The monitors work closely with UCR's Eastern Information Center, one of about a dozen regional centers of the California Historical Resources Information Center. The centers are information repositories, maintaining records, manuscripts, reports, maps and databases of archaeological sites, said center coordinator M.C. Hall. Eastern Information Center maintains the information pertaining to Riverside, Inyo and Mono counties. Researchers, developers and concerned groups consult with the center, seeking information about the archaeological or prehistoric records of the site, Hall said. If information about a site isn't available, the ground has to be walked over and examined systematically, he said.

When a historical resource is found, monitors ensure that it is not destroyed or lost.

"It's a good thing to do," Hall said of the monitoring process. "Development is an ongoing thing and these historical and prehistoric resources are finite. Development and economic expansion doesn't save them, and so they're lost."

Although there are other American Indian monitors who do the work for monetary compensation, this is nonprofit venture for the Pechanga tribe, which is spending financial and other resources on the program. The cultural committee members all volunteer their time. Their basic motivation is to protect the sites for the best interest of the tribe, Masiel said.

The monitors are ranked according to their experience. The cultural committee established the training standards, set up the curriculum and held the classes. All the monitors went through a program to evaluate their knowledge to make sure they were on a par with professional monitors. The trainees were given hands-on field experience and a lab practicum that required them to go to a site and identify artifacts, soils and technical names. Trainees have to pass both the classroom and field exercises to qualify.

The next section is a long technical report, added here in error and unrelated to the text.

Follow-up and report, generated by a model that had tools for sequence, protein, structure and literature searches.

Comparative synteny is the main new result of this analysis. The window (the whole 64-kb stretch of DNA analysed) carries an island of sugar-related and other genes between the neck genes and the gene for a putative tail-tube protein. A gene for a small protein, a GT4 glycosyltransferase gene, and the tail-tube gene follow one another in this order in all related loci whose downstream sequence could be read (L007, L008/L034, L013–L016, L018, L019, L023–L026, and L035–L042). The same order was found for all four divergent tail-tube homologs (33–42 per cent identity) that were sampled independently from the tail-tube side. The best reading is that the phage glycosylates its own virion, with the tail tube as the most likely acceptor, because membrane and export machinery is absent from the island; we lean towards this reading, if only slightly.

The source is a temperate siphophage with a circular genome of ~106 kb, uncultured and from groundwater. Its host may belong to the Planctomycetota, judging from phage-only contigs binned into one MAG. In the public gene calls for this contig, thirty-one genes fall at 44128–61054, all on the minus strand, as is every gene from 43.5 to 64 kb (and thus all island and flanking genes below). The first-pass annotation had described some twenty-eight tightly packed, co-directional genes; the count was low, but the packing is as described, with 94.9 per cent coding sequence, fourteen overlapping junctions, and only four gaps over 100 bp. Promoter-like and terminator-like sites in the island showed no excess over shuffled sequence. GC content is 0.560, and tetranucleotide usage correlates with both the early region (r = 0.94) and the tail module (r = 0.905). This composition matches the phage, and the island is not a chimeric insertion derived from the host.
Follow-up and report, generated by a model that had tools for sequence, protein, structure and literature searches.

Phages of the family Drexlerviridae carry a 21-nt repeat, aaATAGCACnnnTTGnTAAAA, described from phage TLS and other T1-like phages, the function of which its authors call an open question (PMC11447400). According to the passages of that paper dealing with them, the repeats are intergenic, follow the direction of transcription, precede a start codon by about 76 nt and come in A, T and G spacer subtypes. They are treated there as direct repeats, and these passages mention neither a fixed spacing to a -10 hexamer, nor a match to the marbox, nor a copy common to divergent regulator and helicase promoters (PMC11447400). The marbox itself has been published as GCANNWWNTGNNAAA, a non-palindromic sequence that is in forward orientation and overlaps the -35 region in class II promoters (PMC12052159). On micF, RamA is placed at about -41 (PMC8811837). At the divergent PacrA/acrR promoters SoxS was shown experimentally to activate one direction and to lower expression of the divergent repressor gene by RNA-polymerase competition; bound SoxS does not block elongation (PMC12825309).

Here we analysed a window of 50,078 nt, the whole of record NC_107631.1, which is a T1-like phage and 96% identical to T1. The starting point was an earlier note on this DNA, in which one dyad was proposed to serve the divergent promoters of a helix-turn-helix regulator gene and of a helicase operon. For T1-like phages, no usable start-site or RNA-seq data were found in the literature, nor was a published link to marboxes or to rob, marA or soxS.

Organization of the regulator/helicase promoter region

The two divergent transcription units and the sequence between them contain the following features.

"When they go out there, we have confidence that they have the basic skill level," Masiel said.

When remains are found, the first priority is that they remain in place. Otherwise, the monitors must decide if they are "associated grave goods," items that were meant to be in the ground. If so, they are reinterred at a designated place where they will be safe from grave-robbers.

"We prefer they be as near as possible to where they were originally," said John Gomez Jr., monitor supervisor. Ideally, they prefer to preserve burial sites by redirecting plans for open space or avoiding the areas completely, Masiel said.

Cultural committee members take a proactive approach to preservation, preferring to testify at government planning meetings and hearings, making sure that they will be part of the approval process.

Tribe representatives have found themselves in modern political battles to protect the integrity of their ancestors' final resting places.

"Sometimes when you give testimony (at hearings), it's pretty emotional," Masiel said. "We wouldn't want to develop anything through someone else's graveyard, but we have to go and testify that (the remains in question) are our ancestors."

As far as is known, only the Pechanga have such a monitoring program; however, the next class will have members of other tribal governments from Central California coming to train.

"They're looking to start their own 'protection process,'" Masiel said. "There's a lot of development now that's encroaching on their sites. They want a monitoring program to protect the excavations." Their education process will include strategies for negotiating with developers and governments, Masiel said. "All that stuff we had to struggle through that got us to the point where we are."


Maps by Travel


Pechanga Band
Native American tribes, including the Pechanga Band and other bands of Luiseño Indians, existed as sovereign governments long before Europeans came to North America.